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Red Tide Washes Dead Fish Onto Bay Area Shores

The Bay Area is in the grip of an algal bloom, resulting in thousands of dead fish washing onto shorelines throughout the Bay. San Francisco Baykeeper, a group that focuses on Bay Area water conditions, has been monitoring the water and communicating with relevant agencies and researchers since receiving reports of brown water from Lake Merritt, the Oakland Estuary, San Leandro Bay, and surrounding areas of San Francisco Bay in late July. The bloom has now been identified as being caused by the species Heterosigma akashiwo, a microscopic swimming alga known to form what is also called a red tide. According to Baykeeper, the species is always present in the Bay at background levels, but the region has not seen a bloom of this magnitude since 2004.

The previous bloom in the Bay was recorded on September 8, 2004, and was said to have occurred due to “a coincidence of unusually weak neap tides, calm winds, and four consecutive days of record high air temperature.” The surface water temperature that day was also the “highest ever measured” at 72.68°F.

The current bloom became visible several weeks ago. On July 29, KTVU reported that residents on the Oakland Estuary had seen “unusually murky and muddy” water for days, and in Embarcadero Cove Marina the rust-colored water was visible for days “despite the tides coming in and going out.” A week later, Oakland Estuary resident Michael West described what he saw: “It’s so thick, it looks just like when you’re stirring up your hot chocolate or something.”

red tide on mission creek
The algal bloom is clearly visible in Mission Creek, San Francisco.
© 2022 San Francisco Baykeeper

Baykeeper Executive Director Sejal Choksi-Chugh told us the organization is concerned about the numbers of fish that are dying. “The sturgeon especially have been turning up dead in great numbers, and we’re concerned about the threat to the Bay’s historic population.” And although H. akashiwo is not generally considered an acute risk to people, Choksi-Chugh issued the following statement on the organization’s website: “Baykeeper cautions against people or pets contacting the brown murky water, or eating seafood caught in the area, until the algal bloom dissipates.” An unfortunate situation for the long weekend ahead.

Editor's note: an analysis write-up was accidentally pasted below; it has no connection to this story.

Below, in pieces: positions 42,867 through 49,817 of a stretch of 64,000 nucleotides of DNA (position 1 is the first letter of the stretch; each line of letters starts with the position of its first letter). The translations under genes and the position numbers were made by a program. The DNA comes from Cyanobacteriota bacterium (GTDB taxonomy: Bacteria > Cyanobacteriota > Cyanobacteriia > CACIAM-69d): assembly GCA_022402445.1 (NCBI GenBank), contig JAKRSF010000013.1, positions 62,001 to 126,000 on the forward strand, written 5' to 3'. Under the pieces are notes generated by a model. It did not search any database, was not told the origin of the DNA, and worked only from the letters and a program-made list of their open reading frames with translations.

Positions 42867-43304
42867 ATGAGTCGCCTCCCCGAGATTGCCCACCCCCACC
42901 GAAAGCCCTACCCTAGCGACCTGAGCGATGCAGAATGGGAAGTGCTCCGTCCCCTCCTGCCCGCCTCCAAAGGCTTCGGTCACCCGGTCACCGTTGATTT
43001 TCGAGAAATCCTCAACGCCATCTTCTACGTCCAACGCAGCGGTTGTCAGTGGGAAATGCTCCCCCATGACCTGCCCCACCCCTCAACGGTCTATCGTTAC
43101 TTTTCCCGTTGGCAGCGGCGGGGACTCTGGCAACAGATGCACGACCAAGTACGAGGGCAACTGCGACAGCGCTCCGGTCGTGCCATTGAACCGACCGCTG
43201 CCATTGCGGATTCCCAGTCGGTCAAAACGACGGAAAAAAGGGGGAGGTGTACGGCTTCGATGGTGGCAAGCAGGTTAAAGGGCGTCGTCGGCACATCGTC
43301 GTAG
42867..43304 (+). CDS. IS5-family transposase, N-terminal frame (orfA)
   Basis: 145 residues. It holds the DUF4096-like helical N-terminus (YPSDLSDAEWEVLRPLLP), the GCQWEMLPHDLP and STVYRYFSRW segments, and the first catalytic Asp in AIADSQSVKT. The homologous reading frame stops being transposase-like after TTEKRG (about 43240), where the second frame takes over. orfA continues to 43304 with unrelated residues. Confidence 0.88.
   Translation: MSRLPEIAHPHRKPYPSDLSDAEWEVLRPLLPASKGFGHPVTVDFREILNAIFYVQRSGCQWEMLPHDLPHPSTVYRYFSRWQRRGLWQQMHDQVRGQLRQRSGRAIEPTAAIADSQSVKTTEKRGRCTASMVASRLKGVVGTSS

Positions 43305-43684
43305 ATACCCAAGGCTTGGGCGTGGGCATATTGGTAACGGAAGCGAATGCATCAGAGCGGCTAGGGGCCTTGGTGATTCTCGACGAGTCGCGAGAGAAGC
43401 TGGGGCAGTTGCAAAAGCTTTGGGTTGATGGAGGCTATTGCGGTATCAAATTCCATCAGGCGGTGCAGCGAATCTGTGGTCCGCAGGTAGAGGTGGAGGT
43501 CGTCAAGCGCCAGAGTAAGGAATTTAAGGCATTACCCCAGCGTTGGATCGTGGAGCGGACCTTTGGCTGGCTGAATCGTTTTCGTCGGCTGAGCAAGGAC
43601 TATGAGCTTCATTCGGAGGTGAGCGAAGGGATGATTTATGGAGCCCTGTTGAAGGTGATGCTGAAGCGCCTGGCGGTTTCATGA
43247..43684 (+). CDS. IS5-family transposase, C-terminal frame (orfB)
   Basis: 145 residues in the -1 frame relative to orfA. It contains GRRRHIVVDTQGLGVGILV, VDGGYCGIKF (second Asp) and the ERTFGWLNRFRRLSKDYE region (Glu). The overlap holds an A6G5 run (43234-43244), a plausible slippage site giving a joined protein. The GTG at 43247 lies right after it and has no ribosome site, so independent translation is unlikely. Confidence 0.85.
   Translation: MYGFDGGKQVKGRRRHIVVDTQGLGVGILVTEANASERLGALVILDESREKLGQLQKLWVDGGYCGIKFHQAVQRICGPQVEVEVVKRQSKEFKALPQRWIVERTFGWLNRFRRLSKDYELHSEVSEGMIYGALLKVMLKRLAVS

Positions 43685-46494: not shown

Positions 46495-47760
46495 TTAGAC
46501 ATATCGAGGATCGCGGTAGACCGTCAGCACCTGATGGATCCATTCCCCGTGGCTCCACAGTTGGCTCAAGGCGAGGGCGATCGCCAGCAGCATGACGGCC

dead sturgeon on local beaches
These sturgeon were found washed up last week at Coyote Point, San Mateo (left) and Keller Beach, Richmond.
© 2022 San Francisco Baykeeper

Dr. Jon Rosenfield, a senior scientist with Baykeeper, told the NY Times that the fish are “most likely being asphyxiated as a result of the algae” and added it’s likely that many more fish have died at the bottom of the Bay. The alga is expected to die off eventually as the days get shorter, temperatures cool off, and the bloom exhausts its supply of nutrients. In the meantime, the weekend’s forecast hot weather may help keep the bloom alive a little longer.

Choksi-Chugh said the Bay’s ecosystem has certainly suffered, but there is hope it will bounce back and the food chain will replenish itself. And while there is nothing anyone can do right now to fix the current problem, addressing the issues of pollution, including “reducing nitrogen and phosphorus that are entering the water from wastewater plants,” could go a long way toward preventing blooms in the future.

“Treated sewage discharges from the Bay’s 40 sewage treatment plants and the pollutants from five dirty oil refineries create conditions ideal for algal blooms,” Choksi-Chugh wrote. “Once a waterway is choked with algal blooms, the water becomes a dead zone for fish and wildlife.”

Large fish or small, predator or prey, the red tide doesn’t discriminate. This shark has suffered the same fate as thousands of fish across the Bay Area.
© 2022 San Francisco Baykeeper

“Baykeeper scientists have been actively working for the past five years through agency technical advisory committees to prevent large blooms of any number of potentially toxic microorganisms from becoming commonplace in the Bay. The Regional Water Board needs to get excessive sewage and refinery discharges under control, and Bay Area cities need to invest in water recycling to keep wastewater out of the Bay in the first place. These changes must happen fast in order to keep algal blooms like the ones cropping up right now in the Bay from taking over more regularly. Hopefully this is a wake-up call for the agency to take faster action, because consistent algal blooms in the Bay would be detrimental to wildlife and people recreating in and around the Bay.”

Baykeeper is asking anyone who notices a large quantity of dead fish near shoreline areas where blooms have occurred to contact them via their pollution hotline or San Francisco Estuary Institute’s observation form.

We can only suggest that you shelve any plans to swim in the Bay this weekend, and instead, go sailing.


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Finding a Seat on the Ocean
The 'Latitude 38' Crew List parties have come back to life as sailors showed up to compare notes, read the stickers pasted on one another's chests, and sort out who's sailing where and with whom. We'll assume it will all get sorted out in the weeks to come.